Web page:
I passionately believe that God’s heart is breaking to see all that Jesus paid for on the Cross experienced by all his precious sons and daughters including you and me. Please don’t let my ‘daft idea’ put you under any pressure, but maybe next time you have a chat with “Daddy God” ask Him what He thinks!
    Cheers and blessings
    Peter Riley

  2. Allan Taylor 19th January, 2018 at 2:01 am #

    Hi Tanya
    Just found your blog via the Sheldon Hub. I am a Methodist minister and have lived with RA for over 50 yrs now. Luckily, although the disease has done considerable damage, I am still quite active as a part-time hospital chaplain and still preaching most Sundays.

    I have subscribed and hope to read more of your blog in the coming days. I think the name of your blog is inspired and inspirational!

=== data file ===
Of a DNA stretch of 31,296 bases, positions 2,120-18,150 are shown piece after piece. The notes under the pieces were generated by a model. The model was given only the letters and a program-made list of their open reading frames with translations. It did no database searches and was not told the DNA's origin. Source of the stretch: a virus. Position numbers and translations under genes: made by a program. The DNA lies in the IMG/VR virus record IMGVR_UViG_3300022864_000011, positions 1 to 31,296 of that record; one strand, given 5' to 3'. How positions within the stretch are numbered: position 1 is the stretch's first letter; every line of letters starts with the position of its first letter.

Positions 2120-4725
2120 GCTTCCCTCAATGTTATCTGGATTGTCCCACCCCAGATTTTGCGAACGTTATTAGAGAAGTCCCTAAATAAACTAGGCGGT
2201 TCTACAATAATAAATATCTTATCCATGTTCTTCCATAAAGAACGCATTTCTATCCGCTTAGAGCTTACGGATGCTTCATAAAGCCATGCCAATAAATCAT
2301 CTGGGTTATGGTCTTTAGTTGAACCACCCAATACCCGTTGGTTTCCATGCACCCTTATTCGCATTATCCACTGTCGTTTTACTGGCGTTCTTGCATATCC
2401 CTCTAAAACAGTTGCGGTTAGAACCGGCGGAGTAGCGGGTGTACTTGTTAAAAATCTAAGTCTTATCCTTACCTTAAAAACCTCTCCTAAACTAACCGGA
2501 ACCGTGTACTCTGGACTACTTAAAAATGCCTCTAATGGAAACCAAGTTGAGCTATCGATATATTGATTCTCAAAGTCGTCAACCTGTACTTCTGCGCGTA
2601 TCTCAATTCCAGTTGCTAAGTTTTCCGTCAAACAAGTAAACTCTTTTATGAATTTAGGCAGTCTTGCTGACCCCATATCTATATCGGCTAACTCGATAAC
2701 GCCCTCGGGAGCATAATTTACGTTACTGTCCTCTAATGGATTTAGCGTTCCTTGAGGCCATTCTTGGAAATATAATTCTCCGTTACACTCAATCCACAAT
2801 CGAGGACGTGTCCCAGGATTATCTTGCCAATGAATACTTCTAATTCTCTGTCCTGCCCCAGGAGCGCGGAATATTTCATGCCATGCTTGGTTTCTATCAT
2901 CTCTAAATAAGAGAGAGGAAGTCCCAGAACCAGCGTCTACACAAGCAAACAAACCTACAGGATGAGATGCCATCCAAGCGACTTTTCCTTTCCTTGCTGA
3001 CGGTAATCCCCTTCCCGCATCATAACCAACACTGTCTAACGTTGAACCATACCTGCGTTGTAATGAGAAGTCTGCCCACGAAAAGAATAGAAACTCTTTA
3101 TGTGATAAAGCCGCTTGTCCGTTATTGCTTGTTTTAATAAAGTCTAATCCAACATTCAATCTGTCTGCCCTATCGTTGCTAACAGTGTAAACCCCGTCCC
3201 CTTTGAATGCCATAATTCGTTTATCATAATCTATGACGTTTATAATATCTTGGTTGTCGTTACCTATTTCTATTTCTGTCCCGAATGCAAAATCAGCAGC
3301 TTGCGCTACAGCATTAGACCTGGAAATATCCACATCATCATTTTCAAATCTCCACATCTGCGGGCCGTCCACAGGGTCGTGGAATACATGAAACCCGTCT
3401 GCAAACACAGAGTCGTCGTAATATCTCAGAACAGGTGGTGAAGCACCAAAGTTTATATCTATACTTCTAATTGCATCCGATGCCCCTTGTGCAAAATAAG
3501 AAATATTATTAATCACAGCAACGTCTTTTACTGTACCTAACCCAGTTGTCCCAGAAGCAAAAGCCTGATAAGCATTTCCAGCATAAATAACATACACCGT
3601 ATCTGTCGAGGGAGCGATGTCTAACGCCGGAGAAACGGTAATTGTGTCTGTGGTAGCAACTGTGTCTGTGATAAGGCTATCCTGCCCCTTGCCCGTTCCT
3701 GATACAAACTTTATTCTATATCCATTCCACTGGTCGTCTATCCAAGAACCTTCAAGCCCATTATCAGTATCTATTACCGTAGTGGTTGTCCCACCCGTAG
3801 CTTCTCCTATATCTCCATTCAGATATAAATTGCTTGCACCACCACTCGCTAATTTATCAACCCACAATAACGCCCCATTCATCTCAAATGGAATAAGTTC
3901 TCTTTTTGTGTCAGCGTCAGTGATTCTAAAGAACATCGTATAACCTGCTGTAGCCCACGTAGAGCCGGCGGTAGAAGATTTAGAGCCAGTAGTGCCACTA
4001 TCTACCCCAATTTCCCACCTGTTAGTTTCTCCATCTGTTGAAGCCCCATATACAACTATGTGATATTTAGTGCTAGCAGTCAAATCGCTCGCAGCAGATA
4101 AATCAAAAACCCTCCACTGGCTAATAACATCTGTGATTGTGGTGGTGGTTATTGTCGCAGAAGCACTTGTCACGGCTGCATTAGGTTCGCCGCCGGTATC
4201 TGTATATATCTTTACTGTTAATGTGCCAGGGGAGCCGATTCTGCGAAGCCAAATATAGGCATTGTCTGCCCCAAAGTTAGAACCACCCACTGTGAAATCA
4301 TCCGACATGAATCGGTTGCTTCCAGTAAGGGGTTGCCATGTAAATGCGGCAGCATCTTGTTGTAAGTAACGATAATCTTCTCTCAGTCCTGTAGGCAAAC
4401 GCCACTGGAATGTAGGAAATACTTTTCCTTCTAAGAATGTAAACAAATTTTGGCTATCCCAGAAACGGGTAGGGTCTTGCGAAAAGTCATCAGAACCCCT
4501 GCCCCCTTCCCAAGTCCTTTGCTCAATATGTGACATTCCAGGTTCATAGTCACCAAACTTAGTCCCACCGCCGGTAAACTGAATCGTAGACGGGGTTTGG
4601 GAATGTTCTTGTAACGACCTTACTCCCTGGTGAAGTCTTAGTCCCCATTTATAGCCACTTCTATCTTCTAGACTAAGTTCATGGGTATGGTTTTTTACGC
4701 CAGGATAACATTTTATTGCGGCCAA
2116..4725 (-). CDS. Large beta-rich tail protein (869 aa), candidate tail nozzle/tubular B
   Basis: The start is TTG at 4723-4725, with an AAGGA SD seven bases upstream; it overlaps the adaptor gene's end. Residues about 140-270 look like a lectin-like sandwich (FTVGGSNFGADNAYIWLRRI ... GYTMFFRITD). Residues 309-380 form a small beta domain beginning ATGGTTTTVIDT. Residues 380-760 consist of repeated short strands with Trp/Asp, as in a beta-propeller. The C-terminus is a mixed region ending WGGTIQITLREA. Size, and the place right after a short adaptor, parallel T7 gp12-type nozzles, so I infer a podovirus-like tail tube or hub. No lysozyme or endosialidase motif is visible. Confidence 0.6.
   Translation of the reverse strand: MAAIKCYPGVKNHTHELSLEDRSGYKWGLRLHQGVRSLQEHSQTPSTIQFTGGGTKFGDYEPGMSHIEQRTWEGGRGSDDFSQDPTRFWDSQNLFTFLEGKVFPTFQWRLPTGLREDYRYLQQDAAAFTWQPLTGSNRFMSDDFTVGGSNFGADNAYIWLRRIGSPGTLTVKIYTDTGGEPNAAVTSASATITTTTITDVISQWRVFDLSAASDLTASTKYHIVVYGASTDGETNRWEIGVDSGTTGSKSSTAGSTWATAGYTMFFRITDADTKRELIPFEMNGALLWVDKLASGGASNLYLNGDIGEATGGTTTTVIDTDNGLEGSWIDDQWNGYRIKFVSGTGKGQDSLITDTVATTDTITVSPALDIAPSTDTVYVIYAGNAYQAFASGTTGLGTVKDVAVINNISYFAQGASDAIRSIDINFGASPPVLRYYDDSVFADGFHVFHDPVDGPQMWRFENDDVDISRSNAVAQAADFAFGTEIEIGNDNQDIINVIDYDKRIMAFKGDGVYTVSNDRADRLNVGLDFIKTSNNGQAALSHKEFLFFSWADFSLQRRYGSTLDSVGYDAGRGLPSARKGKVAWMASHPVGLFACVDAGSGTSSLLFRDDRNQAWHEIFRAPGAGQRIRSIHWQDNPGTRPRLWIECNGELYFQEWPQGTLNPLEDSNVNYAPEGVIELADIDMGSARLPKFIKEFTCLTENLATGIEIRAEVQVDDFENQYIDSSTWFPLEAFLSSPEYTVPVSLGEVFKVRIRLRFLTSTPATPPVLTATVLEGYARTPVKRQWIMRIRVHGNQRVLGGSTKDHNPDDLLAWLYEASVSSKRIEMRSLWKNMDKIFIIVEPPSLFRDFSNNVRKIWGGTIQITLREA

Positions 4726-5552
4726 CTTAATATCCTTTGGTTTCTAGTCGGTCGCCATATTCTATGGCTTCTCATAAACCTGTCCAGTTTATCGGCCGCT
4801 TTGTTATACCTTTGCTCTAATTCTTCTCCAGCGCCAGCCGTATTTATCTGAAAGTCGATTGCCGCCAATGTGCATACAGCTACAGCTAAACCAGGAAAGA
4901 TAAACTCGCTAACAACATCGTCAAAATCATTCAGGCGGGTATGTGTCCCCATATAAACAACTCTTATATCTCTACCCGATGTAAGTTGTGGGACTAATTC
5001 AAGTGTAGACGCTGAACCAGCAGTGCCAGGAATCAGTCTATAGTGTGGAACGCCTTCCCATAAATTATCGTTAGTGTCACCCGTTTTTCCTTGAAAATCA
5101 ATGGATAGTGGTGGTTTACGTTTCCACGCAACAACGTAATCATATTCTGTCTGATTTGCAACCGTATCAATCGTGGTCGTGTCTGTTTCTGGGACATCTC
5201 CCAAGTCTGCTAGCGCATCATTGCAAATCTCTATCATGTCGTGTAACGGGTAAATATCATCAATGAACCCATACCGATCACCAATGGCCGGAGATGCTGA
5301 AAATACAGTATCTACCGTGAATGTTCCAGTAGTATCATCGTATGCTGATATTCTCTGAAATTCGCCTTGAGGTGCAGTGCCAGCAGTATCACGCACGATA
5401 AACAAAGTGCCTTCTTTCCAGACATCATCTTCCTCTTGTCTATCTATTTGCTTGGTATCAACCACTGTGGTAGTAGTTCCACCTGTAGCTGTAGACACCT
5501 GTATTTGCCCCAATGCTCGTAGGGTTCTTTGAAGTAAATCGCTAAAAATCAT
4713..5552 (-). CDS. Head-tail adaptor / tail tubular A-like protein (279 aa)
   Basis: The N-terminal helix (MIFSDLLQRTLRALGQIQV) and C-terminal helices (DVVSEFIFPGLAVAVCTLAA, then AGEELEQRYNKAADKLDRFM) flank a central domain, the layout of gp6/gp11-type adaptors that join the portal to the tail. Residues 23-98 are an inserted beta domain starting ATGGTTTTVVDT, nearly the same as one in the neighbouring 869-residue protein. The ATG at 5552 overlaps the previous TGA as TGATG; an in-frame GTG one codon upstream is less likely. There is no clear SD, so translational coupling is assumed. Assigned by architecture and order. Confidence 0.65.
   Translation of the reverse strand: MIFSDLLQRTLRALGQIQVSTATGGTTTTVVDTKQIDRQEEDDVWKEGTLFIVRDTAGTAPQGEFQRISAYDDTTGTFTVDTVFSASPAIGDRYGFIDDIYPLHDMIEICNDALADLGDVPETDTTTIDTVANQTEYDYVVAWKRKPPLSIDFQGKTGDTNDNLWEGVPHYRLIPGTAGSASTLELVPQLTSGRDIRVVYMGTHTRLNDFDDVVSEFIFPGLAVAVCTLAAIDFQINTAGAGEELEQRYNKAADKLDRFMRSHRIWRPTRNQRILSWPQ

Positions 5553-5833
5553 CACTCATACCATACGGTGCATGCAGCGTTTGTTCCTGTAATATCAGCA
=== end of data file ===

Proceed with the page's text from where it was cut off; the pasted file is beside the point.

3. Bea Stanyer 31st October, 2017 at 8:34 am #

    Hi Tanya,
    A friend posted an article on Facebook so I’ve found your blog through that. I have Fibromyalgia. I’ve had it for probably 15 or more years but I’m sure it became worse through my divorce and miscarriage. I studied Theology at LBC and was a primary school teacher and a local preacher. I had to give up teaching in 2014 due to stress and worsening of my Fibro. I’m currently selling currency from a little glass box which kind of sums up my present condition!!! I’m so glad I found your blog. I’ve definitely been mining for gold these last few years whilst being prodded by the thorns. I’ve been writing a book for the last couple of years about walking with God so I’m so encouraged by your story. It’s given me hope that I can be effective even though my wings have been clipped too. Will be reading your posts with interest. So many thanks.